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Case Number 17879: Small Claims Court

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Unmistaken Child

Oscilloscope // 2008 // 102 Minutes // Not Rated
Reviewed by Judge Adam Arseneau (Retired) // December 10th, 2009

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All Rise...

Judge Adam Arseneau was mistaken quite often, as a child.

The Charge

A devoted disciple. An unexpected mission.

The Case

An intimate foray into the ritualistic Tibetan Buddhist world, Unmistaken Son is a paradoxical experience in the enjoyment department. By traditional measure, this is a boring film; an overly long documentary that moves too slowly for non-devotees, set at an inexorable pace. Yet, the journey is both moving and inspiring, resonating at a level that most films never reach, a profound and passionate glimpse into something transcendental. It's a contradiction. What can I say? I'm very…exorable.

After the death of Geshe Lama Konchog at the age of 84, his long-serving young disciple, Tenzin Zopa receives a mandate from His Holiness the Dalai Lama: search for his master's reincarnation. Tenzin, still grieving over the loss of his teacher and father figure—a man he has sat with since the age of 7—embarks on a four-year quest to find the reincarnated being of his master, Geshe-la, by any means necessary. He travels by foot, mule, and even helicopter. Tenzin speaks to young children, looking for those with special characteristics, guided by enigmatic clues and relics left behind in his master's passing. He performs highly ritualized tests designed to determine the likelihood of a reincarnation in his young prospects. He eventually finds a young boy, only a few years old, who passes all his tests, and returns to the Dalai Lama for the final verdict…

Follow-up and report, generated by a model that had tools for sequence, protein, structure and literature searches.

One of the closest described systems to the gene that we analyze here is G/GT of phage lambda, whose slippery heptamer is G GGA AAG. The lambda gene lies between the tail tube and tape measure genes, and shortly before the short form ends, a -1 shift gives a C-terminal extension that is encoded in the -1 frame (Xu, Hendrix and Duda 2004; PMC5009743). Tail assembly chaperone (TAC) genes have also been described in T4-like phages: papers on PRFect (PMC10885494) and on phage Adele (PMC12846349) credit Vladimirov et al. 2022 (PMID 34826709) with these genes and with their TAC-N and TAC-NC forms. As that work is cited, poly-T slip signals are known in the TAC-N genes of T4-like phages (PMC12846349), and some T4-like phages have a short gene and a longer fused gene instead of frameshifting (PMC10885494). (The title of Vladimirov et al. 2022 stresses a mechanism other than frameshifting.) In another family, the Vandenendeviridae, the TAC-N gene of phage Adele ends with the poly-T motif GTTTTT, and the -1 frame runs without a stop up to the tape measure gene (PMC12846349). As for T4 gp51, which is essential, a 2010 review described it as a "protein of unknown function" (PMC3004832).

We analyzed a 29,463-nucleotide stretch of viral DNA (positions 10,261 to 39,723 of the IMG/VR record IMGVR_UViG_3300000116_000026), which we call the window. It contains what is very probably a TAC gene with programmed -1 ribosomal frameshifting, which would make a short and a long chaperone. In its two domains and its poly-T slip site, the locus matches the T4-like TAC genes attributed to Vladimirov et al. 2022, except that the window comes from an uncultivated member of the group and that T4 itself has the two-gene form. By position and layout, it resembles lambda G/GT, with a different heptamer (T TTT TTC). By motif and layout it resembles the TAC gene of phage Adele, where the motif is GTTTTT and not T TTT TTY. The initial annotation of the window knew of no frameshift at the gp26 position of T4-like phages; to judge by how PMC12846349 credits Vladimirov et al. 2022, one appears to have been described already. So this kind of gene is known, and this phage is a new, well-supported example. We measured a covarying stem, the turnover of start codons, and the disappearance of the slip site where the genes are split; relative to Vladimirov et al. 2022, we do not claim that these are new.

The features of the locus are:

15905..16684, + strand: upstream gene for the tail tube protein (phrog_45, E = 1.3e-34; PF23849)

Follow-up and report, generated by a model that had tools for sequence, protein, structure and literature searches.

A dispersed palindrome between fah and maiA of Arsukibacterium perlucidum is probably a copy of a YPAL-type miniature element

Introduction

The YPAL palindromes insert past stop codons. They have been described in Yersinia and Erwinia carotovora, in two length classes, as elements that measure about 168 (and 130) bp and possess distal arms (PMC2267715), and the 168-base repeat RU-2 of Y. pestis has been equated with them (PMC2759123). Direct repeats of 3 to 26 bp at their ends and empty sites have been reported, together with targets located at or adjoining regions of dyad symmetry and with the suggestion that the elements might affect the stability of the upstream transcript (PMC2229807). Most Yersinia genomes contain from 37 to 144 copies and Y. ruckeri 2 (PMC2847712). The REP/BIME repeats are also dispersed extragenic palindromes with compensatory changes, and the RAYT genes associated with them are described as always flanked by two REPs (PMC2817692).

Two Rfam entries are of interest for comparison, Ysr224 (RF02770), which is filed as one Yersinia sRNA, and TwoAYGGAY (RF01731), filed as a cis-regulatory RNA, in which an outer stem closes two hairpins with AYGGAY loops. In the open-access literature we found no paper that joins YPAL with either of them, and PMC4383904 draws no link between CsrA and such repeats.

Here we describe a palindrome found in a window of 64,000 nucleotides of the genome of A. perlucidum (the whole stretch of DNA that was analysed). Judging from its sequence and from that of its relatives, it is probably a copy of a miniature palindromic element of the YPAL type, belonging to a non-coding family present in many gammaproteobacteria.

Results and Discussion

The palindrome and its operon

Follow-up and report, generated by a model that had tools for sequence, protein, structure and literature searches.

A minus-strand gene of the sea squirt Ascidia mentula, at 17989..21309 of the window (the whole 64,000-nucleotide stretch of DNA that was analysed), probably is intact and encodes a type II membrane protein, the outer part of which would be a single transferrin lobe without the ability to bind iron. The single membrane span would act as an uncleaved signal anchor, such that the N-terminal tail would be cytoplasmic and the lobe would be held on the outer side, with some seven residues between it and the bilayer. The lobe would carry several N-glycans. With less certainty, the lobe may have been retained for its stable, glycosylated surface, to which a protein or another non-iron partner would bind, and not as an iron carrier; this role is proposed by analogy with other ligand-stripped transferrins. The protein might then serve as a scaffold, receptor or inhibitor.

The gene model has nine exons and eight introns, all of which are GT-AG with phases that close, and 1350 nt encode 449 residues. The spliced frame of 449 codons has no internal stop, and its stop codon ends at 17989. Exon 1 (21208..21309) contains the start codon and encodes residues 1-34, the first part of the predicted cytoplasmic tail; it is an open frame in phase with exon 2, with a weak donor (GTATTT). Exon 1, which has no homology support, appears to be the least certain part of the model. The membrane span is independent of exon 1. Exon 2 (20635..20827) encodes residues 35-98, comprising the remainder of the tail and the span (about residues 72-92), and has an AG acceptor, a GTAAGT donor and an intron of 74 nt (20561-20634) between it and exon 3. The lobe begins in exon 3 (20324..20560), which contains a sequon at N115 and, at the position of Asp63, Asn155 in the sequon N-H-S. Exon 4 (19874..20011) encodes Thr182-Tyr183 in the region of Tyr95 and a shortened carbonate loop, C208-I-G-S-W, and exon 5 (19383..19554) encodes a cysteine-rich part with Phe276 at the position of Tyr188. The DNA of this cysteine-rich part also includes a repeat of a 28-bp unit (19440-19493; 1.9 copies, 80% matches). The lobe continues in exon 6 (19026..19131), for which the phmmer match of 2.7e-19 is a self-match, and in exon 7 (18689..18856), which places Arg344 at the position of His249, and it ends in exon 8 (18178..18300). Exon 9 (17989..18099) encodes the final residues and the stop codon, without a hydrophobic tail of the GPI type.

Unmistaken Son is nothing more or less than a travel journal of a young disciple travelling the world looking for the reincarnation of his deceased master. A simple handheld camera gives us unfettered access into the most intimate and profound acts of Tibetan faith, a rare glimpse into a world Westerners rarely see. Wherever he goes, the camera follows. Whomever he speaks to, the camera records it, impassively and without judgment. Sometimes he speaks to the camera, sometimes he does not. There is no pretense, no artificial performance for the benefit of the audience, just sincerity and honesty in simple action. Zopa is almost entirely uninterested in the camera as he goes about his task, and no one seems bothered by its presence. We see how the monks live and go about their daily rituals with no cause for concern on their part.